a young women is experiencing tooth nerve pain when she is drinking coffee

How Tooth Nerve Pain Occurs

Aggravated tooth pain can come in many different shapes and sizes – a dull ache, a prolonged throbbing sensation, and even a sharp pain that overwhelms you in an instant. But for those familiar with tooth nerve pain, you know the sensation all too well.

Although tooth nerve pain isn't fun, it's something almost everyone has experienced. Whether it's from a cavity or a cracked tooth, aggravating the tooth's nerve is a common path to the pain you feel.

Anatomy of Tooth Nerve Pain

Each tooth is composed of four parts: enamel, cementum, dentin, and pulp.

  • Enamel is the strong outermost substance on the tooth. Its purpose is to protect the tooth's crown.
  • Cementum is the next layer, which protects a tooth's root below the gumline.
  • Dentin comes next, although it's not as dense as your enamel or cementum. Contained within the dentin are microscopic tubules, all of which connect to the tooth's pulp.
  • The pulp houses a tooth's nerves, so when the dentin has worn away, certain foods and drinks can reach the nerves via the tubules, resulting in tooth sensitivity.

How the Nerve Becomes Exposed

The nerves inside the pulp of our teeth are very sensitive and can become exposed to the foods and drinks that we consume. Some of these foods and drinks can produce a painful response. Most commonly, these can be cold, hot, and sweet foods and drinks. When these nerves lose their protective coating, they can even become sensitive to brushing and movement. Here are some causes of tooth nerve pain:

  • Cracked Teeth: You may be experiencing a cracked tooth if you feel pain when chewing. These cracks can allow sugars to reach your nerve as well as changes in temperature.
  • Gum Disease: As gums recede, they allow hot and cold foods and drinks to affect the nerves in your teeth.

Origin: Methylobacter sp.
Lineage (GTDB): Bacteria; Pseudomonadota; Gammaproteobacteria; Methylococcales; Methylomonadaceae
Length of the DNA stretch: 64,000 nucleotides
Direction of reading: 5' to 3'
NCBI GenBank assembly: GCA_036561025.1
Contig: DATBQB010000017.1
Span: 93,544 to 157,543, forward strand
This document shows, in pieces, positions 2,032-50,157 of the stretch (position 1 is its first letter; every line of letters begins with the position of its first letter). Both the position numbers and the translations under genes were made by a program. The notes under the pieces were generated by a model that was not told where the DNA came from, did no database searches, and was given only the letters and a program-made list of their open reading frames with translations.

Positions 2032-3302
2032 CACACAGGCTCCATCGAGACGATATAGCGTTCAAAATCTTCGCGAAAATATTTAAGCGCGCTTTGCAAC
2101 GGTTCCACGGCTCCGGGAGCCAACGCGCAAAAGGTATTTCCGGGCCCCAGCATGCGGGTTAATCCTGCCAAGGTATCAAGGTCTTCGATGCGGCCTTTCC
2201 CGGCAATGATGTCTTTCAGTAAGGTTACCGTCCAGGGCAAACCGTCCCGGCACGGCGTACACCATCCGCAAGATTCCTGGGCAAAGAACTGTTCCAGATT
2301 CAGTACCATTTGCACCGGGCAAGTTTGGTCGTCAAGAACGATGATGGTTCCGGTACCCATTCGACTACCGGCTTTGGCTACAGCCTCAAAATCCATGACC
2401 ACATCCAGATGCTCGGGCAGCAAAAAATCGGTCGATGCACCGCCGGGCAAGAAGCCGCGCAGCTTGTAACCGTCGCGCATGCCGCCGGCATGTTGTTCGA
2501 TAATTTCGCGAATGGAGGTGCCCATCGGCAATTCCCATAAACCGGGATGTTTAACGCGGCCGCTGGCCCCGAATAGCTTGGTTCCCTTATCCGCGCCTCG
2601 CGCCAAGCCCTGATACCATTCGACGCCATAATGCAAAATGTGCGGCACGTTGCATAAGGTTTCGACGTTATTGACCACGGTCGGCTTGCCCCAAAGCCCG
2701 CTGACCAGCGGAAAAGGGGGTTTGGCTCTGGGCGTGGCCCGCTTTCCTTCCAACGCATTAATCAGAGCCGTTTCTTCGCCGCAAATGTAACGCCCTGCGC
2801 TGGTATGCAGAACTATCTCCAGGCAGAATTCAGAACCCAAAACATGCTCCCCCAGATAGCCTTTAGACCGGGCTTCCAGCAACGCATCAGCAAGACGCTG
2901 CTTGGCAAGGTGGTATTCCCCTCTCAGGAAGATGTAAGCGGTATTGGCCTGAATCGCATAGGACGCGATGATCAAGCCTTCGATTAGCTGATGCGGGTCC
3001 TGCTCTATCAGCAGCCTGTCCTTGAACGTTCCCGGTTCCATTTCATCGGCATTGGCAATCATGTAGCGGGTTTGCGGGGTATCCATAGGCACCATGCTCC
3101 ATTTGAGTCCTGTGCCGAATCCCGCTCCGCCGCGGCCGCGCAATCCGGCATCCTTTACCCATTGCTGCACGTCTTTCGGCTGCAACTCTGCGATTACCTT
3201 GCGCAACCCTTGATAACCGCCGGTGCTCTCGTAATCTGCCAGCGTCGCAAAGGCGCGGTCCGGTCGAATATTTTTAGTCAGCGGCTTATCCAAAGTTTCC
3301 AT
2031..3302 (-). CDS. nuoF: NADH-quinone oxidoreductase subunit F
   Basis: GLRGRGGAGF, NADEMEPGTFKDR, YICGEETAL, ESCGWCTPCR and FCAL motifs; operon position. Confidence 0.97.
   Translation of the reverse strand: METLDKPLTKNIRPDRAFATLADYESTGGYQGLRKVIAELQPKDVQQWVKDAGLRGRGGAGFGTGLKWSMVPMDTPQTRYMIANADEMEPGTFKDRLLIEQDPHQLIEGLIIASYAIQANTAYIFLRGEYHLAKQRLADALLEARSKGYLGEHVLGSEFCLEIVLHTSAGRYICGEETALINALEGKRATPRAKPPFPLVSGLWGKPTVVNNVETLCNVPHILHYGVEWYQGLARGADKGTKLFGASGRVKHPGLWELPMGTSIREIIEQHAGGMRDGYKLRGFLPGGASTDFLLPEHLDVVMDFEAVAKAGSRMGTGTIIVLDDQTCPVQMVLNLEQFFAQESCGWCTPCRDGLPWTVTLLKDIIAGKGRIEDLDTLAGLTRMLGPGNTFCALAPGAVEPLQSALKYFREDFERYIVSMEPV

• Tobacco Use: Smoking and the use of smokeless tobacco can damage teeth and gums, leading to tooth sensitivity.
  • Tooth Grinding: People who suffer from grinding teeth (known as bruxism) often grind their teeth while sleeping. This can lead to damaged tooth enamel and increased tooth sensitivity.
  • Sugary Foods: Cavities (known as dental caries) are damaged openings in the hard surface of your teeth. Sugar is a contributing factor to the formation of cavities, leading to an increased risk of tooth nerve pain.
  • Poor Oral Hygiene: Improper brushing and flossing can lead to tooth cavities and gum problems. Proper oral hygiene can go a long way in preventing the formation of tooth nerve pain.

Foods to Avoid

Identifying which foods are the culprits of your pain allows you to focus on what you should consume to mitigate the irritation. The most common types of foods associated with nerve pain are hot and cold, sugary and sweet, and acidic and sour. Remember that drinks fall into these categories as well. Ice water, coffee, tea, and soft drinks can all make you wince in pain if your tooth's nerve becomes exposed. Keep in mind that anything with a high sugar content, such as desserts, soft drinks and sports drinks, can contribute to enamel erosion as well. Regardless of the food or drink triggers, it is essential to visit your dentist to get a diagnosis of the source of the pain and find out how to resolve it.

As with similar mouth conditions, tooth nerve pain can be avoided through good oral care. The foundation for a healthy mouth starts with brushing at least twice a day. Don't forget to floss daily, either. Keep in mind that regular dental check-ups are another crucial component. Your dentist serves as a good resource to recognise any budding tooth issues and to confirm that your oral care efforts are working.

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